A lexicon of beaglery

By Ann Ivins

A few months ago, a friend of mine on the-site-that-is-not-Twitter posted this article: “Good Dog, Smart Dog,” a look at changing ideas about the cognitive abilities of the canine set.  The short version – hey, dogs might be smarter than those brainiac science-types thought. My layperson reaction?  “Finally, some scientists who actually live with dogs.”

A beagle I once knew (not a breed that ever makes the “smartest” list, by the way) would purposely sit and stare intently at our French doors and squeak frantically to go outside, allow the then-frantic male mutt to assert his dominance by rushing out first as the door opened… and immediately drop to the ground to indicate that she wanted to stay in, thank you. Continue reading

It was three years ago today: happy birthday S&R

Three years ago today Scholars & Rogues launched with two posts: Whythawk weighed in with a thoughtful critique of corporate charity and I reported on Joe Wilson’s speech at the Conference on World Affairs (Joe is Mr. Valerie Plame, by the way), where he said that “Fred Thompson is a member of the treason faction of the Republican Party.”

The other thing that happened that day, and the one that most people remember more vividly, was in Blacksburg, VA, where Seung-Hui Cho, killed 32 people and wounded many more. Continue reading

Mean parents unite: make kids ride the school bus

I drove my son to school this morning, and I felt guilty about it.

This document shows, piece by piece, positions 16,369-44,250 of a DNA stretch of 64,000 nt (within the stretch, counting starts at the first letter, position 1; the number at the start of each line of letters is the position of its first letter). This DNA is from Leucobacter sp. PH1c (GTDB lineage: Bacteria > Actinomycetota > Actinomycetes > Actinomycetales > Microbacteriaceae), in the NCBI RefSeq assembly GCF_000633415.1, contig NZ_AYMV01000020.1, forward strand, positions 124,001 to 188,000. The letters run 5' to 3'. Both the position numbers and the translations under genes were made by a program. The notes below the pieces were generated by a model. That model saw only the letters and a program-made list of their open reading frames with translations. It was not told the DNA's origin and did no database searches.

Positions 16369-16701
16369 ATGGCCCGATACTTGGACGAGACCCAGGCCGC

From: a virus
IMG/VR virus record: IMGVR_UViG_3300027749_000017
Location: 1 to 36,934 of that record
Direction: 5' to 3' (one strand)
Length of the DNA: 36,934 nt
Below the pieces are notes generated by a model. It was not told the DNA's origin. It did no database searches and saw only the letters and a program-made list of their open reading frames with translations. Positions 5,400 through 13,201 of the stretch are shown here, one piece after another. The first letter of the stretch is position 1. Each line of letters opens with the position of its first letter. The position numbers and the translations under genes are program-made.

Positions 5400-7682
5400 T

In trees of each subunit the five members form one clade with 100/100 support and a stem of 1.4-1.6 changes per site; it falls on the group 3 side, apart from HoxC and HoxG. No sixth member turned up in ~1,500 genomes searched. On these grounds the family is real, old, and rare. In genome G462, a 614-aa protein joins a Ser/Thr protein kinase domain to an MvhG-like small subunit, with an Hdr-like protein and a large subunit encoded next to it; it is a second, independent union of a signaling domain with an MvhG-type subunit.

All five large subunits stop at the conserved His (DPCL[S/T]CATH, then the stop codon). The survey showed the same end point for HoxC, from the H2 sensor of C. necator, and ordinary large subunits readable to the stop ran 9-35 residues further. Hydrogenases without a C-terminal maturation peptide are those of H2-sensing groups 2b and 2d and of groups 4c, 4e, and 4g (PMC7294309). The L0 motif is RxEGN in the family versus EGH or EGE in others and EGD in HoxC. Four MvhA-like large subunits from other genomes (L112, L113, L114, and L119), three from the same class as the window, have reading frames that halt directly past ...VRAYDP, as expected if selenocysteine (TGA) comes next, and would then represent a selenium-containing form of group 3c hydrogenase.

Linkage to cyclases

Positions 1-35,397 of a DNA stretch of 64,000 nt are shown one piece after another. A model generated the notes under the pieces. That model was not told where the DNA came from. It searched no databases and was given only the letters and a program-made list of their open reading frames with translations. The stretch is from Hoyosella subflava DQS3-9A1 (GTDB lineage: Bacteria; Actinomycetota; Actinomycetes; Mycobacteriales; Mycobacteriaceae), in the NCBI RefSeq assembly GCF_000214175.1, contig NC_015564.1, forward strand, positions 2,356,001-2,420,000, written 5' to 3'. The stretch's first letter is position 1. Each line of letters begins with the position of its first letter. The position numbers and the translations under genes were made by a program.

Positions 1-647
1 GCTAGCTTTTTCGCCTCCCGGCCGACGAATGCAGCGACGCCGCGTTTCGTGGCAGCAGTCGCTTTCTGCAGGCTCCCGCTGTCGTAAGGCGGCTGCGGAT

Hardly an event worthy to dissect on a blog devoted largely to weightier matters of politics and economics, right? There are, however, definite political and economic dimensions to how my child – or anyone else’s – gets to school.

Our community, like most, is served by school buses. Last year my son, then a freshman, rode it each day to his high school, 5.5 miles away. He left the house at 6:40 a.m. to walk a third of a mile to the street corner where he caught the bus 10 minutes later. The driver would pull ahead a few yards to meet him where he climbed through a fence on a shortcut across the pasture behind our house. Such customized service is the norm when you are one of two kids who regularly rides – or used to ride – this route. Continue reading

Another nail in the coffin of the Chicago School; an unsolicited review of Barry Lynn's Cornered

Way back in 2002, we were visiting the US for Thanksgiving, and it was an extraordinarily depressing time. We couldn’t turn on the television, because all you got there was the non-stop and relentless drumbeat of COUNTDOWN TO IRAQ or some such, and it was really bumming me out. I distinctly remember thinking, “I want to go home,” and that was something of an epiphany.

So Mrs W, in an attempt to cheer me up, said “Hey, Elliott Spitzer is going to be in town at the Kennedy Library.” And, sure enough, he was, as part of a panel discussion on corporations and social responsibility. The line-up looked a lot more impressive than it turned out to be—Spitzer, who had just gone after Wall Street in no uncertain terms, and won; William Donaldson, who had just been appointed to head the SEC the previous week (and therefore had to decline); some muckamuck at Starbucks, and a former Kennedy aide muckamuck at Nike (or maybe the reverse—I can’t remember); and some blowhard named Elizabeth Ross Kanter from Harvard Business School. Continue reading